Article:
By position or by name…

In Oracle PL/SQL you have the possibility to call another program with parameters either by position or by name. Both have their pros and cons I think.

Consider the betwnstr function (posted last time) and these calls (all have the same result):

l_varchar := betwnstr('hello world' , 3 , 5 , true); l_varchar := betwnstr('hello world' , 3 , 5); l_varchar := betwnstr( string_in => 'hello world' , start_in => 3 , end_in => 5 , inclusive_in => true); l_varchar := betwnstr( string_in => 'hello world' , start_in => 3 , end_in => 5);

Which one of these calls is better? Oracle doesn’t mind. To the PL/SQL engine they are all valid and all correct. I don’t even think there is a performance issue with either one of them.

What are my thoughts on this issue:
– Calling programs with parameters by name is better because you can skip the defaulted parameters which are in between other (non defaulted) parameters.
– Calling programs with parameters by name is better because it’s more self documenting, you describe what variable goes into what parameter.
– If you rearrange the parameters, for whatever reason, your programs calling this one will still be working.

Calling programs with parameters by position is better because… well, not many pros I can think of for this approach. It’s mostly ‘old’ code I come across that calls programs with parameters by position. I always have to check the called program to see what the parameters mean.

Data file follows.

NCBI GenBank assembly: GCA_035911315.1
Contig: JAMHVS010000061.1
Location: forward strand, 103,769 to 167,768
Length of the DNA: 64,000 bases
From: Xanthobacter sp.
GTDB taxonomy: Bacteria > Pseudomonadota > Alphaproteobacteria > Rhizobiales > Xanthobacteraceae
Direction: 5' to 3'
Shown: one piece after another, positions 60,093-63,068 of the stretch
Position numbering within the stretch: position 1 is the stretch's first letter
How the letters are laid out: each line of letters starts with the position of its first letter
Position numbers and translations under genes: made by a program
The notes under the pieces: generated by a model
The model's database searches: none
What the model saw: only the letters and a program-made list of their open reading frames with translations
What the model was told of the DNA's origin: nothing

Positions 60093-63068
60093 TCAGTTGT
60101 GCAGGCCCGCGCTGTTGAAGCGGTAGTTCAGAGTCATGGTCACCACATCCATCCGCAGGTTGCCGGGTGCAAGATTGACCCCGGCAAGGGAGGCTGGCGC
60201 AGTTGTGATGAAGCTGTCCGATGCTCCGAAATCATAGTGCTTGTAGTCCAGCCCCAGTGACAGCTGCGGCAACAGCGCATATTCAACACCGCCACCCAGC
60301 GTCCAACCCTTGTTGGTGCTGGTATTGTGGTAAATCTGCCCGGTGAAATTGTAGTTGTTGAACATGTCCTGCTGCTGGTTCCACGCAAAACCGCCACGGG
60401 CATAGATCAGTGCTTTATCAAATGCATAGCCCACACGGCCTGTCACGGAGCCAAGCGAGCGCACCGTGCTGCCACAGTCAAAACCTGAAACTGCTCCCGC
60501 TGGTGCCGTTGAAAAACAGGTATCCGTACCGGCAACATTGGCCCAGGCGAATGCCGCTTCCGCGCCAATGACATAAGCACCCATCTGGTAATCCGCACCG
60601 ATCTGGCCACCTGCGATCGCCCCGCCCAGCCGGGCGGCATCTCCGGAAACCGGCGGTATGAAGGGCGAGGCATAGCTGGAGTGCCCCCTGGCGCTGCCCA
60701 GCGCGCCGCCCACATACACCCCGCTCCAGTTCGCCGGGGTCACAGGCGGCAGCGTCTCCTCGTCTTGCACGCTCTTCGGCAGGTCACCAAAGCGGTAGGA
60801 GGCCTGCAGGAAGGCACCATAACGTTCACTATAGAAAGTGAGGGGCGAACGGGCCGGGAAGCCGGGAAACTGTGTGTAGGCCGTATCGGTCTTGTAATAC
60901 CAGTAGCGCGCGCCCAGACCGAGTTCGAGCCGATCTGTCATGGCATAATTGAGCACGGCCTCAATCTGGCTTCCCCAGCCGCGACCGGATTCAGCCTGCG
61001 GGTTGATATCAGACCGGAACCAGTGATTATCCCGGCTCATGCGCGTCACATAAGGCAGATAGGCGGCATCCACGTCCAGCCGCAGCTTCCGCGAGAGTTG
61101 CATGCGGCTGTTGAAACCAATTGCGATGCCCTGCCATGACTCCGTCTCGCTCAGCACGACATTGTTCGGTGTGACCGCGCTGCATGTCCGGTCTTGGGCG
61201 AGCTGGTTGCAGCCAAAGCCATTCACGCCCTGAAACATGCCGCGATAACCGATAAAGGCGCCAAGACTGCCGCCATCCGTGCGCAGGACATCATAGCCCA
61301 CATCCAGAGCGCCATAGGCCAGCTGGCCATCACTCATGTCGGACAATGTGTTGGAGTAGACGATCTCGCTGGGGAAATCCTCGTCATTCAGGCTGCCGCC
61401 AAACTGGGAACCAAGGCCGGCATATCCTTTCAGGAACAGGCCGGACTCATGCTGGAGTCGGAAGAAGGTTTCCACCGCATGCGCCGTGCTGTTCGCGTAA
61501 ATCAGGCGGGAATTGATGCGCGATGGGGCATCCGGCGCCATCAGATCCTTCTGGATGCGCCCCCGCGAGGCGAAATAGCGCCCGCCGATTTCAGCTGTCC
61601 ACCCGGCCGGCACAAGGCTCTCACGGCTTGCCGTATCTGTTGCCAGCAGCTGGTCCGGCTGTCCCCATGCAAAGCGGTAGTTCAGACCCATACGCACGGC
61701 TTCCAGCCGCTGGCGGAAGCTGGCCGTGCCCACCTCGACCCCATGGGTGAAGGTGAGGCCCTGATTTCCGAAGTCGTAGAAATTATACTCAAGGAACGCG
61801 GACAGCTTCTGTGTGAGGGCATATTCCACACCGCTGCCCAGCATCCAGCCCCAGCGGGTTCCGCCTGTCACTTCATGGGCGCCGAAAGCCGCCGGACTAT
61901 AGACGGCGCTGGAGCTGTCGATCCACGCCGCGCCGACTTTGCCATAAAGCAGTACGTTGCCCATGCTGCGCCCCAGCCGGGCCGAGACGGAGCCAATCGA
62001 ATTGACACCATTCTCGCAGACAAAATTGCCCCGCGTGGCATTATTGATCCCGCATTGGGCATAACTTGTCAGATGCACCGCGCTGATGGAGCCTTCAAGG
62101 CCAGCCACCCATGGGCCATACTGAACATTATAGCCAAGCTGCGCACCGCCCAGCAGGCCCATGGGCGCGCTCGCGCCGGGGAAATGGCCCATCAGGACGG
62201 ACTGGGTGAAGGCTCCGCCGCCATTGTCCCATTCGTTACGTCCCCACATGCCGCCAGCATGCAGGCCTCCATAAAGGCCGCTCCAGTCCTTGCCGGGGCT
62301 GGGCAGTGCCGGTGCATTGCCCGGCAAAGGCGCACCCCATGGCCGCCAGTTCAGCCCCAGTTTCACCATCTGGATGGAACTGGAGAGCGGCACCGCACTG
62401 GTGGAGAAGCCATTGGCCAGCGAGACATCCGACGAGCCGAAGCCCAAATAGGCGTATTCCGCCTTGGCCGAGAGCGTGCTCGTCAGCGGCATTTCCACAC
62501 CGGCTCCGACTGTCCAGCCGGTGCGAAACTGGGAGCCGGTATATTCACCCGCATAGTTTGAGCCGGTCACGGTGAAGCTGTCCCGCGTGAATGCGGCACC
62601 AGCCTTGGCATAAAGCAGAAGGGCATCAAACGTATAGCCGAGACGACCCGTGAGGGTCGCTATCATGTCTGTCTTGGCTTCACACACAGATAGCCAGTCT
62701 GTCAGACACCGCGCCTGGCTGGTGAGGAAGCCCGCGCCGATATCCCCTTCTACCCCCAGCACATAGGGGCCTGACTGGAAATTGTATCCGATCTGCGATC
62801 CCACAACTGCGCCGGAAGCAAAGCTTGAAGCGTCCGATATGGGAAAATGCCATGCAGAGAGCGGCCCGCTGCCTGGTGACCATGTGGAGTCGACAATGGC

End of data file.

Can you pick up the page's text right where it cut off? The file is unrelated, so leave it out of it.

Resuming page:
Which one (in your opinion) is better.

3 thoughts on “By position or by name…

  1. Well, I Love By name method. I use it for all non standard functions. Unfortunately it cannot be used in SQL statements (I’ve heard it will change in 11g).
    BY position I use only for well known Oracle standard functions and in SQL.

    Paweł


  2. I also opt for “by name”. The self documentation is really worth it. It’s interesting that other programming languages do not have this concept. The code is so much more readable.

    BTW, what I have read Oracle 11g lifts the restriction that you couldn’t use “by name” when a function was called in SQL statement.

    Patrick


  3. “Calling programs with parameters by position is better because…”
    The only benefit I’ve ever experienced is when you need to rename a parameter. I had to change a routine that had a parameter with the useful name of p_date. I wanted to change the name because people were passing the wrong date to it.
    The moral of this story is…first name your parameters appropriately and THEN use named notation.


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